Morality, Utilitarianism, and Rights - Richard B. BrandtCambridge: Cambridge University Press, 1995, Paperback.
Condition: Very Good.
A Later Printing. Illustrated by way of: Black & White Drawings;
From the cover: “Richard Brandt is one of the most eminent and influential of contemporary moral philosophers. His work has been concerned with how to justify what is good or right not by reliance on intuitions or theories about what moral words mean but by the explanation of moral psychology and the description of what it is to value something, or to think it immoral. His approach thus stands in marked contrast to the influential theories of John Rawls.
The essays reprinted in this collection span a period of almost thirty years and include many classic pieces in metaethical and normative ethical theory. Among the subjects covered are the rational ways to decide what is good and what is right, key topics in utilitarianism, and the extent to which character plays a part in moral blame or legal punishment. A final group of essays explores the application of these ideas to specific moral and social problems: suicide, the rules of war, the treatment of defective newborns, and welfare legislation.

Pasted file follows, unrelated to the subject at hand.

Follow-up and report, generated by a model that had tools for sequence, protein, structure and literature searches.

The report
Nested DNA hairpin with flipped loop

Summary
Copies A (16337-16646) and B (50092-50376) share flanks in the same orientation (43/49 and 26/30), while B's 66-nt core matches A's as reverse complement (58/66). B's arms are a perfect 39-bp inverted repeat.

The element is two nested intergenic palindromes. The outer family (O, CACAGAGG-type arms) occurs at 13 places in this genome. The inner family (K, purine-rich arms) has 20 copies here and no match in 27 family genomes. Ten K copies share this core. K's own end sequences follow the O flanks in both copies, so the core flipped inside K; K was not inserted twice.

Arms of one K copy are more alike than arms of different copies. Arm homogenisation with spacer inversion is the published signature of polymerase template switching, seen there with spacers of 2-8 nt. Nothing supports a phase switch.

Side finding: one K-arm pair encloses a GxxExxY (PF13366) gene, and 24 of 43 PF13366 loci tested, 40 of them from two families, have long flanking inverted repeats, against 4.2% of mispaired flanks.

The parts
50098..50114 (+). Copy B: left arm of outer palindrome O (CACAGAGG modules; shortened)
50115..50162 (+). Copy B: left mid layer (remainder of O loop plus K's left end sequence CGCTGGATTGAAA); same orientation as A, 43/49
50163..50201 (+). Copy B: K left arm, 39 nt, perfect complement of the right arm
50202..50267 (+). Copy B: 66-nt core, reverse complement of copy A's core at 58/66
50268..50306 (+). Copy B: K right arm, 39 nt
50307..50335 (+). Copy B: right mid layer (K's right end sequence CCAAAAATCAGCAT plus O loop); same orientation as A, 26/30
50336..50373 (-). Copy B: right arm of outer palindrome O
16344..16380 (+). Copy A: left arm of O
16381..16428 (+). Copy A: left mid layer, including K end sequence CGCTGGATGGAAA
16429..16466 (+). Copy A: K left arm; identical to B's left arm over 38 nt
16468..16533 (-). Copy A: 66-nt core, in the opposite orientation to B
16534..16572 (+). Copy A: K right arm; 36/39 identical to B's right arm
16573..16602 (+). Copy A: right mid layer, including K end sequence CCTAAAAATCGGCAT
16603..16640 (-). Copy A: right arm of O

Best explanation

This collection is aimed at both those moral philosophers familiar with Brandt’s work who will find the volume especially helpful in teaching advanced courses in ethics, and those philosophers who may be largely unfamiliar with his work. The latter group will be struck by the lucid, unpretentious style and the cumulative weight of Brandt’s contributions to topics that remain at the forefront of moral philosophy.”